By Holly A. Shapiro, Ph.D., CCC-SLP
But not me, never one to be too sure. When Kim, David, Brad, and Kevin turned into Caty, Blake, Jessie, and many more, I turned my focus away from Whole Language and taught them using phonics. It wasn’t like today. Phonics, in fact, was highly out of favor. I attended a meeting at the same junior high school that I had once attended in support of Billy, a sixth-grade struggling reader who I thought deserved a chance.
My one-time homeroom teacher, the principal, and the school psychologist (who knew me well, by the way) laughed at and belittled me for using phonics. I felt like I was twelve again, failing to win my mother’s approval.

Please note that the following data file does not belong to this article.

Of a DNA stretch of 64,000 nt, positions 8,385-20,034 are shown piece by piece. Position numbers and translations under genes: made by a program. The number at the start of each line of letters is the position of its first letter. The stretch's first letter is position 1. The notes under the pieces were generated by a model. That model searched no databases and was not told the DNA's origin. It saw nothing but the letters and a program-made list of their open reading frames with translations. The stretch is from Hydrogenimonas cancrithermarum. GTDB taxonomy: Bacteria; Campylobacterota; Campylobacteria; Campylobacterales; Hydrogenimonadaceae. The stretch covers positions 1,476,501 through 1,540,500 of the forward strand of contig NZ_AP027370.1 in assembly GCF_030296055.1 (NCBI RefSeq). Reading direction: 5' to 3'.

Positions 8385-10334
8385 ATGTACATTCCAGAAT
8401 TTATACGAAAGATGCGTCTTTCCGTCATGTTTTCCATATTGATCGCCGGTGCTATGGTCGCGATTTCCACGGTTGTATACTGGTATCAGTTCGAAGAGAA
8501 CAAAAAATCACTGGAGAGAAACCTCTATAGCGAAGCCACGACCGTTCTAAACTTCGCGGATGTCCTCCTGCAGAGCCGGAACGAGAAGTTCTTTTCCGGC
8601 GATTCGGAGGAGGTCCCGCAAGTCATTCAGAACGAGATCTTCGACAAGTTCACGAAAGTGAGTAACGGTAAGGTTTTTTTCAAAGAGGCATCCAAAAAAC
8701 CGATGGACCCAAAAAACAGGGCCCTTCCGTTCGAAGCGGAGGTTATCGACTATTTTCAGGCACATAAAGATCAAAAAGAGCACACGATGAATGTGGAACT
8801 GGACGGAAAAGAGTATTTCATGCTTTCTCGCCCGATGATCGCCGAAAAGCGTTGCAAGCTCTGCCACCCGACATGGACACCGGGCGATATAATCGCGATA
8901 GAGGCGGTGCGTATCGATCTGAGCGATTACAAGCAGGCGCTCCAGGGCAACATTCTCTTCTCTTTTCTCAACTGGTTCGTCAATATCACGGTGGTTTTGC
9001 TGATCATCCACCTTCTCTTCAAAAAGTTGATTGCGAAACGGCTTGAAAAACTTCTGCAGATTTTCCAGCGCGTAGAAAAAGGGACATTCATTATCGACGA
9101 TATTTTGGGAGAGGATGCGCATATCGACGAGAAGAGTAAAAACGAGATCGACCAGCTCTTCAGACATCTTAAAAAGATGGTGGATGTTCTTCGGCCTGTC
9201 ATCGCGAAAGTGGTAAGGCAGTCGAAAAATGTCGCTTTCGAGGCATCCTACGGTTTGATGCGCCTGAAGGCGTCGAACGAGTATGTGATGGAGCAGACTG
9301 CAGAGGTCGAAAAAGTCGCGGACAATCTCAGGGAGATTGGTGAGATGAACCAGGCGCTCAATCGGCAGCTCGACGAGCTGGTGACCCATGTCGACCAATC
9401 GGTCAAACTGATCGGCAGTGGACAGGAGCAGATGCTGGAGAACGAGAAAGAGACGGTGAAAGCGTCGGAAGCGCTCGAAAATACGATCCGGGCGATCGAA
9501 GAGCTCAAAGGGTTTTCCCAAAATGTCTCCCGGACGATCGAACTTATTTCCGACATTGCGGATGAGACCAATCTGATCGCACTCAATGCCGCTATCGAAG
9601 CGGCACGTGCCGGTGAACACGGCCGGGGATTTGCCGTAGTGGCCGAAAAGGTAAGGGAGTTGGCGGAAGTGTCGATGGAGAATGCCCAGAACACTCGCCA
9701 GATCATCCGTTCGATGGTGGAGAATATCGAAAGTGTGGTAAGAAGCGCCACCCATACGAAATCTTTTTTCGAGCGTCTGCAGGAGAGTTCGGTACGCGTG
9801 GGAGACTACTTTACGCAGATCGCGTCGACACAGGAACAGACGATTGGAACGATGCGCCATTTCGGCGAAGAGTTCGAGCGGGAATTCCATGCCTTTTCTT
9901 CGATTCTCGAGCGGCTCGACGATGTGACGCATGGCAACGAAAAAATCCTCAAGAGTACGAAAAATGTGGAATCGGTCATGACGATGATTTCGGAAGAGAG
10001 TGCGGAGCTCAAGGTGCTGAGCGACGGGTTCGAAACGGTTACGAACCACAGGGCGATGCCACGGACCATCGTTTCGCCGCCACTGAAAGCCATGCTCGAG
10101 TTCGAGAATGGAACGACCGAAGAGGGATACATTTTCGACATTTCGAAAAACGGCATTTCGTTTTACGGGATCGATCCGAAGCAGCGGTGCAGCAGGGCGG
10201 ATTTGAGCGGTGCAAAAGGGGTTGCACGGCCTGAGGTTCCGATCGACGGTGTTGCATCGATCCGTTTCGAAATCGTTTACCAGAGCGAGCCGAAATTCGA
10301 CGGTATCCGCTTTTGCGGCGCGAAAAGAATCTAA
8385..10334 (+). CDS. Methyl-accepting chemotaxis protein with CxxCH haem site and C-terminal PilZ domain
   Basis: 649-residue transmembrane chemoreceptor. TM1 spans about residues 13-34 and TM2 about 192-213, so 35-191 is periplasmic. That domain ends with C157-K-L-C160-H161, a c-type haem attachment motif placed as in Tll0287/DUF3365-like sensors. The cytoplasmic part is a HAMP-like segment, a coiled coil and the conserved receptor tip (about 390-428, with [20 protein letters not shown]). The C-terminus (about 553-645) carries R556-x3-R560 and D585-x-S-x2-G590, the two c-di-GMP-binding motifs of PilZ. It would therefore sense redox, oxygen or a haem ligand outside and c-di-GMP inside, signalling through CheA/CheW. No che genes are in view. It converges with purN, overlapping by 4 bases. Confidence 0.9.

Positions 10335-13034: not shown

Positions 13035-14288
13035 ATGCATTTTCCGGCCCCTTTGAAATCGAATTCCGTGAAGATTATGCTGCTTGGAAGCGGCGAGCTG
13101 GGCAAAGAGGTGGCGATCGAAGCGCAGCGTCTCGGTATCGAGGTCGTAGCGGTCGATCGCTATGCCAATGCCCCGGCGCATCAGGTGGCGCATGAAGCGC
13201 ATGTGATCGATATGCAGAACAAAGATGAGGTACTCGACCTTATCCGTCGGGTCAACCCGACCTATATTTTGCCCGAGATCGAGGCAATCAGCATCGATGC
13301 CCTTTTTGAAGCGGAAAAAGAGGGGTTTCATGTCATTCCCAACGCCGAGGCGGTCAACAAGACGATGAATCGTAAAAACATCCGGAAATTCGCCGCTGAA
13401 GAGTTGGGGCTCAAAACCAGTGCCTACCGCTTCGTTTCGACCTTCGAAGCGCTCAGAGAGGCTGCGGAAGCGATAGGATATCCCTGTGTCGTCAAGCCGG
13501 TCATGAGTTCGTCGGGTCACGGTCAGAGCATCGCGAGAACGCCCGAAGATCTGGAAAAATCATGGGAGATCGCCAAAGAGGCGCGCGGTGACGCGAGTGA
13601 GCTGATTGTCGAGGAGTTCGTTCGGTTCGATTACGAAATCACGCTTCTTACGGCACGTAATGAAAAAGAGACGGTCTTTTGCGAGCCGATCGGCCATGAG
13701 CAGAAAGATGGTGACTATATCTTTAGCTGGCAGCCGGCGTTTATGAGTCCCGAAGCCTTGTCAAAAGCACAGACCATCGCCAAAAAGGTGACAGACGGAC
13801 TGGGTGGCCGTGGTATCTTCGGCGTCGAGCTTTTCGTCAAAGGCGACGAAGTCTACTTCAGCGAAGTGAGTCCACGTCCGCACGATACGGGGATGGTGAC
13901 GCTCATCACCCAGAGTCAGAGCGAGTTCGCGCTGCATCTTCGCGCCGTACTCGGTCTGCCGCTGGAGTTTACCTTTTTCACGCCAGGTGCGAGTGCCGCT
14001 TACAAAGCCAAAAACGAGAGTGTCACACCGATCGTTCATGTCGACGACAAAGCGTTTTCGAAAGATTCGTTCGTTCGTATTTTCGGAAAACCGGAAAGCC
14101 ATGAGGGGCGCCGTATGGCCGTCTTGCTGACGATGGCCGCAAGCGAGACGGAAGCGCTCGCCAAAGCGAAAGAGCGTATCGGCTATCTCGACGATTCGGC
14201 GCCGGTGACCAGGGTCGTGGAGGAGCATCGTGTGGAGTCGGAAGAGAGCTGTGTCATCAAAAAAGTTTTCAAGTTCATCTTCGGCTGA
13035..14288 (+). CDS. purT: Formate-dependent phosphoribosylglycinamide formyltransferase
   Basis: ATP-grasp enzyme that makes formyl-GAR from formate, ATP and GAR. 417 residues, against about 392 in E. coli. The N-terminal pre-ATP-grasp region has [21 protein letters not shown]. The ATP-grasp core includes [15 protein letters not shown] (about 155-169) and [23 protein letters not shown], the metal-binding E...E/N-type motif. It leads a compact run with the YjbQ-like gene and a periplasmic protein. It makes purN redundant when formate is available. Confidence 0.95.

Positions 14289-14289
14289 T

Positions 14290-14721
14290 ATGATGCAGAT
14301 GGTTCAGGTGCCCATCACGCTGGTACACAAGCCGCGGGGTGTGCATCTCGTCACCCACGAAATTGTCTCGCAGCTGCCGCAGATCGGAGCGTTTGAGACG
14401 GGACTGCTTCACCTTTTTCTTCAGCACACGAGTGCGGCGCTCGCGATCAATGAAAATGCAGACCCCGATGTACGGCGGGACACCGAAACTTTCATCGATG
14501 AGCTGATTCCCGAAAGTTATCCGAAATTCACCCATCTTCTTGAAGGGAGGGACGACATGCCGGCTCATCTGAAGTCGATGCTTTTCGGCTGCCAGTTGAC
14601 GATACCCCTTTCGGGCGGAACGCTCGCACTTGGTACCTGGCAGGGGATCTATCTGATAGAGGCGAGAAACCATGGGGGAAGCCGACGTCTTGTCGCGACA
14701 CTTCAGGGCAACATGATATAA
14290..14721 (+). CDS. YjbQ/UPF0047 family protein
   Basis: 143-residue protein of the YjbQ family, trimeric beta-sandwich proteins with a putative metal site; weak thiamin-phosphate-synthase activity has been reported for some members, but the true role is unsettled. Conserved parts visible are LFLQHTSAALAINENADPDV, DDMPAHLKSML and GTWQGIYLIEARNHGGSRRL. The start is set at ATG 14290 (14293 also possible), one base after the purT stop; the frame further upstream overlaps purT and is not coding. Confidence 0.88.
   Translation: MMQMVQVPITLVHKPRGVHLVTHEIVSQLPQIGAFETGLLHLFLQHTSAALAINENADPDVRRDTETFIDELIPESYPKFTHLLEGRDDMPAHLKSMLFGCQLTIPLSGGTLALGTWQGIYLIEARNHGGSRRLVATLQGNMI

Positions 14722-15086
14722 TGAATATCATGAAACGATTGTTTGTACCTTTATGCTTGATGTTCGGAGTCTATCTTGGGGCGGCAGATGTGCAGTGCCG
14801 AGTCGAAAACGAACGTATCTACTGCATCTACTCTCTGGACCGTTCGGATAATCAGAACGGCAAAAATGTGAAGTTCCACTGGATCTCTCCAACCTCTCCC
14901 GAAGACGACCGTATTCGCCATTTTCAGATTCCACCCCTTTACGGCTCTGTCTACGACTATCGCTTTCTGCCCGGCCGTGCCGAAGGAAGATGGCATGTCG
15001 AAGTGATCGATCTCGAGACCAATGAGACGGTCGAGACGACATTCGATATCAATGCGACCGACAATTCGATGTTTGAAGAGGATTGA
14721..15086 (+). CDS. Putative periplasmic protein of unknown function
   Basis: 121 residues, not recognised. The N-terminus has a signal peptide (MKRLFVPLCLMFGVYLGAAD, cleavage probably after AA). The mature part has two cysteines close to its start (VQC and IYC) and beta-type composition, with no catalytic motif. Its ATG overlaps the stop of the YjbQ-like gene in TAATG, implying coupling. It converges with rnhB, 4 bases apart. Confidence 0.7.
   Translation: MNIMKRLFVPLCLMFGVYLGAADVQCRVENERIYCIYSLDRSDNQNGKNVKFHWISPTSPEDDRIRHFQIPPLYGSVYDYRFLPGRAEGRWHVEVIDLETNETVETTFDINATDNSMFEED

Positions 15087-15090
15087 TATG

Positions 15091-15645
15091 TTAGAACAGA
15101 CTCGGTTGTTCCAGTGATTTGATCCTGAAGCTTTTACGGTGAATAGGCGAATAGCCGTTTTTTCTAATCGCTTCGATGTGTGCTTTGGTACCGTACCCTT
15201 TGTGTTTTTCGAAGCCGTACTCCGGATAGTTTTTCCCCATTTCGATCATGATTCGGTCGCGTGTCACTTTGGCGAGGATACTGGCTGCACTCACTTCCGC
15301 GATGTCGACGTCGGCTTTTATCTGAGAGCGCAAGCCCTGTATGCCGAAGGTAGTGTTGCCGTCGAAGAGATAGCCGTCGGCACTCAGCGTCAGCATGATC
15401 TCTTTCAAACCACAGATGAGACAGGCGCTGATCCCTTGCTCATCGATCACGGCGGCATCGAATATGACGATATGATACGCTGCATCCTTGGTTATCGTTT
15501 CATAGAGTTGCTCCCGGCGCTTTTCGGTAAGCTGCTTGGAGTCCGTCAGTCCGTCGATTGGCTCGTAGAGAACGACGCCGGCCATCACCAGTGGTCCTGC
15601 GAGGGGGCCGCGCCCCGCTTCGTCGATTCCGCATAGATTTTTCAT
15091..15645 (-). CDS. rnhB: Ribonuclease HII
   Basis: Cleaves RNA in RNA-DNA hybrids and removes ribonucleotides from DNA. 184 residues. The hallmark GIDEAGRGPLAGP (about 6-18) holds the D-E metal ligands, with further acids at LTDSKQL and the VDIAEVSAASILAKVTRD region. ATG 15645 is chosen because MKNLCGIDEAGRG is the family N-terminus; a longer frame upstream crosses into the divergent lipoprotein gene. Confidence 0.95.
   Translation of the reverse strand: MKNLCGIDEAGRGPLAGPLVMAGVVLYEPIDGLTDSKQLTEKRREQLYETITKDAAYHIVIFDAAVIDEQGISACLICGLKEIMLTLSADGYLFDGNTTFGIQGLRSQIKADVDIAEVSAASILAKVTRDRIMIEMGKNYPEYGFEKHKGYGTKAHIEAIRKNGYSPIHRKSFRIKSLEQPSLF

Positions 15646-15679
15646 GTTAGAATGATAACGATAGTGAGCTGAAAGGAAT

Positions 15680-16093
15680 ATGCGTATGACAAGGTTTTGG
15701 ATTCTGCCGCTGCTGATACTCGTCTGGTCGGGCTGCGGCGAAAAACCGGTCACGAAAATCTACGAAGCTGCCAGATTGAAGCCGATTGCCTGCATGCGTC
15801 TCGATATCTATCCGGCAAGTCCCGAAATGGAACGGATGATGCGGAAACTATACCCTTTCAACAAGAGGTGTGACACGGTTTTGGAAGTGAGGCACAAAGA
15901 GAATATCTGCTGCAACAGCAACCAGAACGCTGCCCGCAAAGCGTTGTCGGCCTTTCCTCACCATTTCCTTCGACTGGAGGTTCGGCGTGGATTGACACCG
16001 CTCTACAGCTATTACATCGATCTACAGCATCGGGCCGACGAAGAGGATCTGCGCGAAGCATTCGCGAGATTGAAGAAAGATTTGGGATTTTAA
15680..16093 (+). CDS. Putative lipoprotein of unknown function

By the end of the day, this twenty-four-year-old, not-so-newly-minted Ph.D. was sobbing on the steering wheel.
About 10 years after my initial foray into phonics, it earned an endorsement from the National Reading Panel. Children taught with phonics generally experience better outcomes than children taught with whole language.
In other words, I was right all along. Or was I?